Well noted. Thank you for taking the time to lay out your constructive criticisms. Your notes and points will make my reading of the book that much more fruitful.

  9. I sent Michael Kruger an email about some of my disagreements with the book (Origen's canon and apostolicity), and he replied. It seems that I don't disagree with him as much as I initially thought. He said that they didn't write more about Origen's canon because of space constraints. And he agrees with me that apostolicity includes apostolic approval of a book. I would have given more space to Origen's canon, and I wouldn't have given such prominence to the timing aspect of apostolicity while not saying more about other aspects of it. But our disagreements seem to be more about emphasis than about the concepts involved.

  10. Could you recommend some resources on Peter's authorship of 2 Peter?

  11. Jonathan,

    Origen is such a significant historical witness in so many contexts, and that's especially true with regard to 2 Peter, since earlier sources say much less about the book. My article about Origen's canon addresses some disputed passages in which Origen discusses 2 Peter. Even where he doesn't comment on its authorship directly, he's doing so indirectly when he affirms the book's canonicity. The early Christians wouldn't have considered 2 Peter canonical if they didn't think Peter wrote it.

    And that brings up another point. Some general principles that are applicable to the authorship of other books are applicable to 2 Peter as well. You could consult the posts in our archives about issues like pseudonymity, the general trustworthiness of the ancient Christians, their moral character, their alleged gullibility, the inconsistencies of critics, etc. An example that's particularly relevant here is the issue of just how much weight we should assign to internal evidence.

    Thomas Schreiner's commentary on the Petrine epistles and Jude (1, 2 Peter, Jude [Nashville, Tennessee: Broadman & Holman Publishers, 2003]) has some good material on the authorship of 2 Peter. Michael Kruger wrote an article on the subject that you can read here. See the 2 Peter commentaries and New Testament introductions that Steve Hays recommends here and here. Glenn Miller wrote a two-part series on the authorship of the Petrine epistles. You can read the first part, and get a link to the second part, here.

  12. E. E. Ellis, The Making of the New Testament Documents, has an excellent analysis of 2 Peter (among other things of value in that work).

    It's been reissued in paperback.

  13. Jonathan, I addressed your question about Porphyry in another thread.

  14. Thanks. As you've directed me to the archives I'll take a minute to complain about the archives.

    When you do a search at the top left hand corner of the homepage it only brings up enough posts to fit on a single page. So, for example, if one page can hold 10 posts, but you've done 15 posts on a particular subject, it will leave out 5 posts and I don't see anyway to find them, unless the searcher can think of something really specific from the post, which is unlikely.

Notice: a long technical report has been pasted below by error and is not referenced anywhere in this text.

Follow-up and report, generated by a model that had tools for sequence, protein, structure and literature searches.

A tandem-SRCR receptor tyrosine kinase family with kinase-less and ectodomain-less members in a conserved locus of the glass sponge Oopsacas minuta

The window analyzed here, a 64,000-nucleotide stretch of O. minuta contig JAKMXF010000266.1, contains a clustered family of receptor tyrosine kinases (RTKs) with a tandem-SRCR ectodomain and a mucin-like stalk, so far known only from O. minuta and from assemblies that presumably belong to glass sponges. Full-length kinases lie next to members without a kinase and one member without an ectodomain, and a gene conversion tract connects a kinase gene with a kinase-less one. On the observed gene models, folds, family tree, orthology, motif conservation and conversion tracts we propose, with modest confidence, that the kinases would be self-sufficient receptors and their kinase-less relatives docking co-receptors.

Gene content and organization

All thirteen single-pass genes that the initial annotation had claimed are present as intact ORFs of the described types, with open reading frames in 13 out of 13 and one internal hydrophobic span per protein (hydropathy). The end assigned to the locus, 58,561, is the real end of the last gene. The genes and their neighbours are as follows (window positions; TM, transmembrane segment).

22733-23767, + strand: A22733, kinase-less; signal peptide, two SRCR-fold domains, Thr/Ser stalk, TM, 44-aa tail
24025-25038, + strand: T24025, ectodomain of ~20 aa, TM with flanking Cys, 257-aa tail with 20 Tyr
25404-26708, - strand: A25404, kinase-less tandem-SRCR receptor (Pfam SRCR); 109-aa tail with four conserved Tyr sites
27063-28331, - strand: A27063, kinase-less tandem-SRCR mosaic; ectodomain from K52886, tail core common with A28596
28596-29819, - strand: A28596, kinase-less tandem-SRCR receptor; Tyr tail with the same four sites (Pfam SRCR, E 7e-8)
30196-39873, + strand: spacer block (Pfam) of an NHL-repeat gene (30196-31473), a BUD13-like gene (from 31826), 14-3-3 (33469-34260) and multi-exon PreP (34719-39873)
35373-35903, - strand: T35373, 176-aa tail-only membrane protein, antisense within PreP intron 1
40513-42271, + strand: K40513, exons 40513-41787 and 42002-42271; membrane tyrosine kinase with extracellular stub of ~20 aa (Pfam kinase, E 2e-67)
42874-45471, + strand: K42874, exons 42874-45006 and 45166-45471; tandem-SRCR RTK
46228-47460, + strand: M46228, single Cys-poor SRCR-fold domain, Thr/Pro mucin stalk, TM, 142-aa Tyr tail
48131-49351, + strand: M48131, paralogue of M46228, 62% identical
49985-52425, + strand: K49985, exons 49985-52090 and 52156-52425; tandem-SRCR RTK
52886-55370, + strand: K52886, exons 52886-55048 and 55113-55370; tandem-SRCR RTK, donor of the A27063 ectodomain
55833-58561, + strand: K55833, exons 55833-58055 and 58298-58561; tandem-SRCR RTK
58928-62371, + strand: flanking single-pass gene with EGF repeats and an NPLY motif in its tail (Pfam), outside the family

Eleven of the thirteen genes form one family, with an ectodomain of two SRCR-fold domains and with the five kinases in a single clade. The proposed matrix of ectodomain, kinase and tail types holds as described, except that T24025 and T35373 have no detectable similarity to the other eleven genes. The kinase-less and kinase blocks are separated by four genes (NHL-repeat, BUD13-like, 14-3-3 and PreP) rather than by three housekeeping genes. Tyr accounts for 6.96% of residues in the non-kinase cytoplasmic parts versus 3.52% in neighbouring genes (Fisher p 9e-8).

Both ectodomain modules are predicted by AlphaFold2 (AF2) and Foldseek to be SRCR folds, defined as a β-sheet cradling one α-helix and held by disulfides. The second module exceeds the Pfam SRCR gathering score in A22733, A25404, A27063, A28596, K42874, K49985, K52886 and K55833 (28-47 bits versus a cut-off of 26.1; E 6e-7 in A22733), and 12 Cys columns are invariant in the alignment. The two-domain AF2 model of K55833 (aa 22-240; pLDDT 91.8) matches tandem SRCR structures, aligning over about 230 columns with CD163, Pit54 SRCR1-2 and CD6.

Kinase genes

For example, a few weeks ago I was looking for Paul Manata's interchange with an atheist (I forget who) on abortion. But since the post was from a few years ago, there was no way for me to reach it by searching for "abortion" or clicking on the "abortion" tag.

    Any way to fix this or just tough luck?

    And thanks for answering my Porphyry questions. I must have tried to post that about 4 or 5 times and each time it wouldn't appear, even though I waited several hours or sometimes a day.

  15. I'm no expert, but you're not limited to the search box. You can also do a standard google search using "Triablogue" and another search term to pull up some of our posts on the desired subject.

  16. Just a quick note or two in passing:

    * I hope others can weigh in and explain the situation better than I can. Perhaps even offer a solution.

    * At least as I understand though this is primarily an issue with Blogger. Google has been trying to fix it for a long time now. I haven't had the time to look into it myself, but I don't think there's been any resolution to the problem. See here for example.

    * It might be best to use Google to search for stuff here on Tblog (assuming Google is archiving all posts, which I'm not clear on whether they are or aren't). I know, it's strange how (it seems) we can use Google to search for stuff on Blogger better than we can use Blogger itself even though Google runs Blogger! So, in addition to what Steve said, you could go to Google and type "" (without the quotation marks) and follow it with whatever key term(s) you're interested in searching for. That way it searches for stuff on Tblog.

  17. I just saw this. Apparently the issue isn't resolved.

    The advice given is what I said above as well. It's a stopgap until Google fixes the problem. But it's already been a while and I don't see any recent updates.

    Well, given that Blogger is free, I guess you get what you pay for.

    But again maybe someone else knows something else or, better yet, has a solution for this problem?